3 / Even among the Pharisees, there was a division about what they could not deny. Some said, This man is not from God, for he does not keep the Sabbath. Others just shook their heads in honest acknowledgement, ‘How can a man who is a sinner do such signs?’ NOTE: even earlier on, Nicodemus told Jesus that they had been having these private discussions among themselves / see ch 3.2. Of course, Nicodemus himself was grappling with the truth of the undeniable evidences of Jesus’ Deity / see 7.50-52.
4 / The now-seeing man made his first confession of Jesus [this is before he will meet Him face to face a little later]: He is a Prophet! He is at least a prophet who has come to speak and work for God – or maybe even The Prophet Yahweh promised Moses He would send to them / see Deuteronomy 18.15-19 & John 1.21; 4.19; 6.14; 7.40; et al.
IV / vv 18-23 / “IS THIS YOUR SON?”
1 / …they called the parents of the man who had received his sight. The Jewish religious leaders are in a frenzied damage control mode now. They will have to discredit Jesus somehow and diminish the significance of this miracle work. Their efforts here are to so intimidate the parents that they may be coerced into denying that that this man who can’t deny is now seeing is actually their son who was blind before. His parents deflected back to the man himself because they didn’t want to suffer the consequences of accrediting Jesus with this miracle. Essentially, his parents disassociated from their own son, saying “He is of age. He is on his own. He is responsible for himself. We don’t want to get involved. Ask him.”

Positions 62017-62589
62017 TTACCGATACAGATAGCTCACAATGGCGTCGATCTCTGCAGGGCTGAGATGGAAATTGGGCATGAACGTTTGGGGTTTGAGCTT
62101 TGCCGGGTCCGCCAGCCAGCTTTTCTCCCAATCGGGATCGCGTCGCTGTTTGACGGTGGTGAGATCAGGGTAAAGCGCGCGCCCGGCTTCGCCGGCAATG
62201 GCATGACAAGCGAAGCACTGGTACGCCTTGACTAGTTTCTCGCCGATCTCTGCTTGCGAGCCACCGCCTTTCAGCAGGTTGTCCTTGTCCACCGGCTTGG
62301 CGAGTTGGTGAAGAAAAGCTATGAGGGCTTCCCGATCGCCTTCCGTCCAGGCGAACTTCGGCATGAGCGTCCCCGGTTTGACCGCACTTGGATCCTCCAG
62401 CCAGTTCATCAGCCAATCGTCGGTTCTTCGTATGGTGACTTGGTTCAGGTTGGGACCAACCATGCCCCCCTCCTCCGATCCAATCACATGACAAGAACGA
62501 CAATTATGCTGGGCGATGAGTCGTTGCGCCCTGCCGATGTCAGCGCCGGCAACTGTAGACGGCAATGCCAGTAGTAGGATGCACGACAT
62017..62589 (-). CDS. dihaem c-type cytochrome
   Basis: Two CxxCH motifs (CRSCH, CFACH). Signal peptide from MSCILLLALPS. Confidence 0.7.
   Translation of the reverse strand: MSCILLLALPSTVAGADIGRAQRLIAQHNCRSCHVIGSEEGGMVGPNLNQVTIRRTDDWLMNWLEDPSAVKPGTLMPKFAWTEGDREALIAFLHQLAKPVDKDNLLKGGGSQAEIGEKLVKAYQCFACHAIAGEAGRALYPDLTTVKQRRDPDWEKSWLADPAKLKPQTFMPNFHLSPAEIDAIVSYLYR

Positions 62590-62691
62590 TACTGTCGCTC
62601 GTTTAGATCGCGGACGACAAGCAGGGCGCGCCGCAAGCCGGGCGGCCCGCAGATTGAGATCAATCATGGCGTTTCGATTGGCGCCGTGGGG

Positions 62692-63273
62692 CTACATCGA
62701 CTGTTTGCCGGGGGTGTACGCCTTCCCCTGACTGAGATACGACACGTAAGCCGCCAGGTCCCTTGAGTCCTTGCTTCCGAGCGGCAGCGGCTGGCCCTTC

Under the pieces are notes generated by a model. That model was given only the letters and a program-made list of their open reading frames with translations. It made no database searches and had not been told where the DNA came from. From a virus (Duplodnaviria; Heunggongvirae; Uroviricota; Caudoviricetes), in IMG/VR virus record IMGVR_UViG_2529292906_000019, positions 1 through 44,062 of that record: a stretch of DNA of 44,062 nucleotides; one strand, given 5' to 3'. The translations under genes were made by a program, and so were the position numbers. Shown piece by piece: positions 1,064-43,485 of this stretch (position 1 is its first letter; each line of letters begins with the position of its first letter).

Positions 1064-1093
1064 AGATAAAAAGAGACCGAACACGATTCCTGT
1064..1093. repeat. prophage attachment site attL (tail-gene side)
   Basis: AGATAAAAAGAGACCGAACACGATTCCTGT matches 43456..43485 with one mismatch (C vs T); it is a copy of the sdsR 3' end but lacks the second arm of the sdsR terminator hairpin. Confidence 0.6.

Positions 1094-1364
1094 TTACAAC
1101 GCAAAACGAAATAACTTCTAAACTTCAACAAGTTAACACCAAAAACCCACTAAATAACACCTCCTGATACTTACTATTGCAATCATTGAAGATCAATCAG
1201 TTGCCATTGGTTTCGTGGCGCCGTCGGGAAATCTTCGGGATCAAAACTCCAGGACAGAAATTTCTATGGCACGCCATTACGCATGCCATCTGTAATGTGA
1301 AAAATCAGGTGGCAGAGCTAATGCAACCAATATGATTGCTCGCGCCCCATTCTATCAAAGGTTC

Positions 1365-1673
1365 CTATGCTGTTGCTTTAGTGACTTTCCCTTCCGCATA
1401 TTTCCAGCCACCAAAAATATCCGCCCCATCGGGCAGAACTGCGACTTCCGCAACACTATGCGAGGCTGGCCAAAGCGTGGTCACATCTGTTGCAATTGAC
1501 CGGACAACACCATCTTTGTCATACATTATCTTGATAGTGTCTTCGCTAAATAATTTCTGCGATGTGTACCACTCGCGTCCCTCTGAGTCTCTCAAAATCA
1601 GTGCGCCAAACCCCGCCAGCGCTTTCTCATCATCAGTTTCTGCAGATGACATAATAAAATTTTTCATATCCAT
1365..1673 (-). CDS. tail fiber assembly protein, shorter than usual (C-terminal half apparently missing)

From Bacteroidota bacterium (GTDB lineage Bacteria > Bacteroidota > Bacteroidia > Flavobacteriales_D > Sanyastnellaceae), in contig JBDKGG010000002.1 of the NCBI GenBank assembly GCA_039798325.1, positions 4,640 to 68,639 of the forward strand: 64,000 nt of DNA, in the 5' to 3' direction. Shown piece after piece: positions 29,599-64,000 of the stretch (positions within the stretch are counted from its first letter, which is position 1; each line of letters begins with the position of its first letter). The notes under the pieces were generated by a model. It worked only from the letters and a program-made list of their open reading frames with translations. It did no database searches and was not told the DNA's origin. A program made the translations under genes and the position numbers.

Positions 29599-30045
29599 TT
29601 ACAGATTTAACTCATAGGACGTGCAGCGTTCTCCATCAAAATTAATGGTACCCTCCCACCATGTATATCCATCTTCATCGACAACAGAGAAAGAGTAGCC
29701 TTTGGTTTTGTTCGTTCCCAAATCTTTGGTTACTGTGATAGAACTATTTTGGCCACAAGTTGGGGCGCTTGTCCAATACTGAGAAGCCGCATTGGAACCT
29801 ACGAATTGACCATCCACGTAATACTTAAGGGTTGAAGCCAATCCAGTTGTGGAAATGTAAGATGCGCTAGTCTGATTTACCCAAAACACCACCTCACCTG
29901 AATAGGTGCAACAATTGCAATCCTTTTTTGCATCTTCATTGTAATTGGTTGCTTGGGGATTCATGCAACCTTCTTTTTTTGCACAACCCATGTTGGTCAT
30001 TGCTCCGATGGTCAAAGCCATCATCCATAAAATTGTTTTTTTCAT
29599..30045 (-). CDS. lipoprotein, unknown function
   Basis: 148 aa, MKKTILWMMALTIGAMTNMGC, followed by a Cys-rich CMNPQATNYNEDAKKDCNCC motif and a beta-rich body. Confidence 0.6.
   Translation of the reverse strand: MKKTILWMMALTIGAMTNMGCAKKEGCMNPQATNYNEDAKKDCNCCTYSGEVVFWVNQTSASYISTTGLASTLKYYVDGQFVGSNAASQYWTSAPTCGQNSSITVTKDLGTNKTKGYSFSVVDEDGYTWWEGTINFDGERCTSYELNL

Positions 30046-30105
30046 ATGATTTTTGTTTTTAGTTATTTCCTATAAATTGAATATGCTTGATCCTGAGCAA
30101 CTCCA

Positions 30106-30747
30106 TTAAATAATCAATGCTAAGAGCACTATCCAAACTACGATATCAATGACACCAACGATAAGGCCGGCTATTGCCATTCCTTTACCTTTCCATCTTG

2 / His parents said these things because they feared the Jews, for the Jews had already agreed that if anyone should confess Jesus to be Christ, he was to be put out of the synagogue. This expulsion from the synagogue was more than just a ban on attending or participating in the synagogue services. The synagogue was the center point of their Jewish life. Their entire social life and community identity and interactions centered around the synagogue. To be ‘put out of the synagogue’ meant to be excluded from the community. It was the ultimate ‘cancel,’ ‘ban,’ and the death sentence of all social life.
V / vv 24-34 / “ONE THING I DO KNOW, THAT THOUGH I WAS BLIND, NOW I SEE!”
1 / These verses will chronicle at least three defenses the now-seeing man will give to the Jewish religious leaders re: the miracle that had been worked on him. The Pharisees still, repeatedly, insistently will press him to retract, ‘walk back’ what had happened to him … or at least join them in their attempts to discredit Jesus in the public arena…
2 / vv 24-27 / The man testifies to his experience. When they cannot refute the miracle or that Jesus had worked it, they try to convince the now-seeing man that Jesus could not have come from God or that He had authority to do what He had done. Give glory to God. We know that this man is a sinner. By ‘sinner’ they mean that Jesus could not have acted in concert with God. That He had no relationship with God. That He was actually acting in disobedience to God – again because He had done this work on the Sabbath Day. The man’s testimony stands as a testimony we all can give. He didn’t know the depths of the truths that had been worked on him … he couldn’t understand all the complexities of the purposes and the providences of God. He only knew what had happened to him – and that Jesus had worked it on him!